Alzheimer’s disease: nutritional status and cognitive aspects associated with disease severity

Tamires Barbosa Nascimento dos Santos, Lineu Corrêa Fonseca, Gloria M.A.S. Tedrus, Julia Laura Delbue


Introduction: Alzheimer’s pathology is a neurodegenerative disease characterized by cognitive impairment and functional disability that causes
progressive restrictions in daily activities. The present study associates nutritional status with cognitive and clinical aspects of the elderly with
mild, moderate and severe Alzheimer’s disease (AD).

Methods: data from the Mini Nutritional Assessment (MNA), bioelectrical impedance (BIA), anthropometric measurements, and physical activity
indicators were associated with clinical and cognitive aspects of 43 elderly patients with AD. The data were compared to a paired control group (NC) (n = 51) at a significance level of p < 0.05.

Results: elderly patients with AD presented lower cognitive performance, higher risk of malnutrition (p = 0.001), lower weight (t-test, p = 0.017) and body mass index (BMI) (p = 0.006), and higher sedentarity (Chi-square, p = 0.040) when compared with the NC. The elderly with AD presented significant reduction in lean body mass (LM) and increased fat mass (FM). As dementia progresses, significant impairment of nutritional indicators is observed. Elderly patients with severe AD present lower weight, BMI, MNA scores and increased body fat mass index and fat mass when compared with those with mild/moderate AD. A correlation was observed between better cognitive performance and weight, BMI, calf circumference and triceps skinfold thickness.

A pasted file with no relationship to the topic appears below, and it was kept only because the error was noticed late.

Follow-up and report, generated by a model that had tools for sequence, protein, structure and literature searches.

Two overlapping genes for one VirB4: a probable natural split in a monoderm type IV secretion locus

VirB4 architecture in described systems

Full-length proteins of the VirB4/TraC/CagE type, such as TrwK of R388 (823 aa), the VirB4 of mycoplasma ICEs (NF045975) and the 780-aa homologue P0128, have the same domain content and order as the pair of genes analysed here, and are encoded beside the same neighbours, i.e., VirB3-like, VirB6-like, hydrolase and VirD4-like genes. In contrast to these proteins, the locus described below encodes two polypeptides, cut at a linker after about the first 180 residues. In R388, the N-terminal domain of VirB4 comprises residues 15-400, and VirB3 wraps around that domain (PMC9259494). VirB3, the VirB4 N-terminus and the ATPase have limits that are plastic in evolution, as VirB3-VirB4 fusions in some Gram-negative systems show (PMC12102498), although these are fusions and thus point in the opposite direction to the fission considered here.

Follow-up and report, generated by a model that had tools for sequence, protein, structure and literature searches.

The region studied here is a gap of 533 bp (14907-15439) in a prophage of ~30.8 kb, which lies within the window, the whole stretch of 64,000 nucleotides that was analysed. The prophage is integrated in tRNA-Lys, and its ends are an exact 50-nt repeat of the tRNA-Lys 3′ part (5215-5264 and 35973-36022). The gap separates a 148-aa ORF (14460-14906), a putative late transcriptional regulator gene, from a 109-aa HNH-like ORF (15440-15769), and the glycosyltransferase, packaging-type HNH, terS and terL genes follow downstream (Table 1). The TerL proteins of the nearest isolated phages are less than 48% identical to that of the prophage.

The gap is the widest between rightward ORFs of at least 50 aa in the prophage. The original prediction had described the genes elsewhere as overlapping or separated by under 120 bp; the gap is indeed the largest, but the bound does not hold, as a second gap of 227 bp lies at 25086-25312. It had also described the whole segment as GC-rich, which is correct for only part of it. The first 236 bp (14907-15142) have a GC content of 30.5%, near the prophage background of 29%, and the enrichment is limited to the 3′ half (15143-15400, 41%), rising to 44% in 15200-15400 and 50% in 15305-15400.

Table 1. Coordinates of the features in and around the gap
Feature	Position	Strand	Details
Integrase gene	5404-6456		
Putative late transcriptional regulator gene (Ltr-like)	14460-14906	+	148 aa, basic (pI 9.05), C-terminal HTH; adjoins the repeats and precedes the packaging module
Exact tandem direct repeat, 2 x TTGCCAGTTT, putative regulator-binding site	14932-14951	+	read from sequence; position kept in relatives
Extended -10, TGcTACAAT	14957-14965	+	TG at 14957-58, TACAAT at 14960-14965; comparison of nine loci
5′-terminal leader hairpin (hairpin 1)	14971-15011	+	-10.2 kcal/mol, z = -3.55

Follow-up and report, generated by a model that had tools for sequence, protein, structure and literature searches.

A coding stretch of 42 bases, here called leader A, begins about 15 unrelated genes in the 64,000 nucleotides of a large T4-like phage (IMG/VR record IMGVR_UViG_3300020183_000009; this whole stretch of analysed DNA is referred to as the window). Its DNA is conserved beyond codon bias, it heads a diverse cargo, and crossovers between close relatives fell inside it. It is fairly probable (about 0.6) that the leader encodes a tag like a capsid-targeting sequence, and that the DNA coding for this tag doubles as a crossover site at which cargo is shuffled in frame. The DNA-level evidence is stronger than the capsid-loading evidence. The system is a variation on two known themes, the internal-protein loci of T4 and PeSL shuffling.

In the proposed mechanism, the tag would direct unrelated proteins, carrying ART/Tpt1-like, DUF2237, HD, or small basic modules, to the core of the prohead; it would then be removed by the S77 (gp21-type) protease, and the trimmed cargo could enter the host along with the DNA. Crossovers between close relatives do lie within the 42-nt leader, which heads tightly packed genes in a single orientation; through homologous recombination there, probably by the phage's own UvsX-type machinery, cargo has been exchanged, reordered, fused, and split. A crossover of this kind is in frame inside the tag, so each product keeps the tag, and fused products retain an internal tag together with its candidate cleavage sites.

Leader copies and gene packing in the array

Conclusion: elderly patients with AD present high sedentarity, risk of malnutrition, lower weight, BMI and LM, and increased FM. There was progressive impairment of nutritional status and cognition as the disease progressed. There is an association between the nutritional variables and cognitive aspects.

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